And just so you know - I have made the trip to the Scrapple shrine - the RAPA Apple Scrapple Festival held every year in October in Bridgeville, DE. More scrapple info for you - RAPA scrapple is the main industry in Bridgeville, Delaware and it stands for Ralph and Paul Adams. And yes - scrapple is a very local food - hard to find anywhere other than the places you list in your web site.

I have always told my kids when they ask me what is in scrapple - its the first and last thing over the fence (lips and butts).

james walker said...

Rick, is all your taste in your mouth? Scrapple is a wonderful breakfast meat and although I've never tried it deep-fried, it sounds very tempting. My father's family reside in extreme western Md/Pa only a stones throw from your old stomping grounds and scrapple and homemade/local maple syrup is the standard with their buckwheat pancakes. Didn't you get out much? They now offer it in a variety of spiced up versions.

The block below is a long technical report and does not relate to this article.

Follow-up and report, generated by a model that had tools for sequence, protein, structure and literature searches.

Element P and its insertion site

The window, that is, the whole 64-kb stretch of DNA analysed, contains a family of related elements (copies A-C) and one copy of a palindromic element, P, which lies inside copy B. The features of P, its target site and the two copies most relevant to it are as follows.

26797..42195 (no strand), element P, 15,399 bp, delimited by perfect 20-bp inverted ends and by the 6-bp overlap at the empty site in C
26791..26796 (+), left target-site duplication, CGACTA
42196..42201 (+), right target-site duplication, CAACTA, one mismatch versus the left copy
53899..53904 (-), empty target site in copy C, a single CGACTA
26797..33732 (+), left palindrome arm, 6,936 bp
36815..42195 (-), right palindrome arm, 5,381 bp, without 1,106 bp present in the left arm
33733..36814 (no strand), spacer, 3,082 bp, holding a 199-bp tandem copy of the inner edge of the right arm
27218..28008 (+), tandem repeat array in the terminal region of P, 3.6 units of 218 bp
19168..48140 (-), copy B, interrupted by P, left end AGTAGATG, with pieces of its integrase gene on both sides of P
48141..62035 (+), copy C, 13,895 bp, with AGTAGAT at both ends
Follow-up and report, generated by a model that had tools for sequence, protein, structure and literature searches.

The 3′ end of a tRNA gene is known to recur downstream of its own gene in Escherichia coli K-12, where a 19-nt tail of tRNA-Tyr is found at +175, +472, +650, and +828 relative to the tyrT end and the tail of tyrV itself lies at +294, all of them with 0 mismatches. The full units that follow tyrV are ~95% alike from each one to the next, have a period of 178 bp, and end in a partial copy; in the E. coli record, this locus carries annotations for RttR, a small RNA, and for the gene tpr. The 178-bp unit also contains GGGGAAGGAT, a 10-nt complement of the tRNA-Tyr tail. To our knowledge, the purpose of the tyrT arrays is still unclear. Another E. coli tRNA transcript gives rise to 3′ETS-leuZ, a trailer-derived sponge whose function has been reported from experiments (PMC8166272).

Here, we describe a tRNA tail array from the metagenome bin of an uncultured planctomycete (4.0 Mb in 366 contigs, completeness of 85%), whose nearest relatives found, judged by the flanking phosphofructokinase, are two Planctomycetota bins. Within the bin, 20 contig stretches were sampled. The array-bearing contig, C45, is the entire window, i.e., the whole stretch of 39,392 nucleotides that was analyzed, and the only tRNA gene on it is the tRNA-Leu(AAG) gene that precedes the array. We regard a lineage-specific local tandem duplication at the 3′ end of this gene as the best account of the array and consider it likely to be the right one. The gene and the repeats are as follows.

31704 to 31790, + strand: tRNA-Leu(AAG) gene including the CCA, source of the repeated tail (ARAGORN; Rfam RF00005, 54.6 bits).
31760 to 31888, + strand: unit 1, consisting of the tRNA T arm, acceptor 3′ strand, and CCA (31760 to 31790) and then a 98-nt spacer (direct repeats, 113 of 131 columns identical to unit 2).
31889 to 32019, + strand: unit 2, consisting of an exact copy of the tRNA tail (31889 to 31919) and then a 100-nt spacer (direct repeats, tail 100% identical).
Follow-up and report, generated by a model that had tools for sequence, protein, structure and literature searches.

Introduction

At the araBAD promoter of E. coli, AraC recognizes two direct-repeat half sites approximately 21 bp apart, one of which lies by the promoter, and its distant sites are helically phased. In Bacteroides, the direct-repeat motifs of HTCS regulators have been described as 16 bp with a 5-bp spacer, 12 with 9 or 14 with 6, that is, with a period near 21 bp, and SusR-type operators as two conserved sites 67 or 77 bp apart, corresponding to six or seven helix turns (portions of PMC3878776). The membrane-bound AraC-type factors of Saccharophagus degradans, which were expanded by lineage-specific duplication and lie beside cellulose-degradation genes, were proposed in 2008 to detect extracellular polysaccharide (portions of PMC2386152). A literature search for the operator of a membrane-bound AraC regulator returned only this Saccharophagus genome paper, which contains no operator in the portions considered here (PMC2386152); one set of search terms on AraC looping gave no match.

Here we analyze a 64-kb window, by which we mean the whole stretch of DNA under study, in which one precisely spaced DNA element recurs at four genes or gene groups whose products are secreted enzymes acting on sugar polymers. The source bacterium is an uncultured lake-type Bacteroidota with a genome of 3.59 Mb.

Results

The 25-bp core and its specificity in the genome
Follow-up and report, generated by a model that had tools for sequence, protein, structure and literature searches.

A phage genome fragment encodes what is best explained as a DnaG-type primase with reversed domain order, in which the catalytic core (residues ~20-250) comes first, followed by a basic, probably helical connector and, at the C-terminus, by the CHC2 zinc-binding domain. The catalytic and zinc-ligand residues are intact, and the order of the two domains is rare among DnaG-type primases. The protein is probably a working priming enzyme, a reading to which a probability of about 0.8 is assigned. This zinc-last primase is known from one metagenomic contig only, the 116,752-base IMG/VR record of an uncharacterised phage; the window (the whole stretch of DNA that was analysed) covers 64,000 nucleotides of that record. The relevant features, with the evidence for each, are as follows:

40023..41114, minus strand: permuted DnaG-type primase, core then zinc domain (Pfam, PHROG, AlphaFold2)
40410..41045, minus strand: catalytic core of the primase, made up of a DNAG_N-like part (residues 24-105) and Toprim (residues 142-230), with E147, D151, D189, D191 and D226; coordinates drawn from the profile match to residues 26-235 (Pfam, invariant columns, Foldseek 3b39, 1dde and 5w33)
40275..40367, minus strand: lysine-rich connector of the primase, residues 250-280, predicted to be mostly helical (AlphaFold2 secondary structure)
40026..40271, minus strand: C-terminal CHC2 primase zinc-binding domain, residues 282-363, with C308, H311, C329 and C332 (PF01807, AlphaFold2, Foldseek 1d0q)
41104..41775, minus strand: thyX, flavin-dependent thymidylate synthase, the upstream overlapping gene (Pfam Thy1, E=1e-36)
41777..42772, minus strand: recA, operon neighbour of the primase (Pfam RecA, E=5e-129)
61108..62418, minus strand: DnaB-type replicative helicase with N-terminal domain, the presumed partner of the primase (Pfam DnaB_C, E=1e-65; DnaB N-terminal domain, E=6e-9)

PS- don't try the pudding if you don't like the scrapple.

Rick Wilson said...

James, I know many appreciate scrapple. I'm just not one of them.

Now, my favorite breakfast food is creamed chipped beef. I've been thinking about publishing a glossy, coffee table book full of pictures of chipped beef. That's some good eats.

Thanks to everyone for sending in your tributes to scrapple.

Anonymous said...

Where my Moma’s folks come from (North Carolina), Liver Pudding is the deal.
When I first moved to Maryland, I thought scrapple was liver pudding but liver pudding is much purer than the ‘scraps’ of scrapple. It is an acquired taste but good. I am have tempted to try this recipe myself but probably need to consult with my Mom before proceeding.
My grandmother used to make it and I don’t know her recipe but I found this one on the web and it sounds like what I remember it tasting. You don’t deep fry but you do cook it in a skillet until it gets crispy: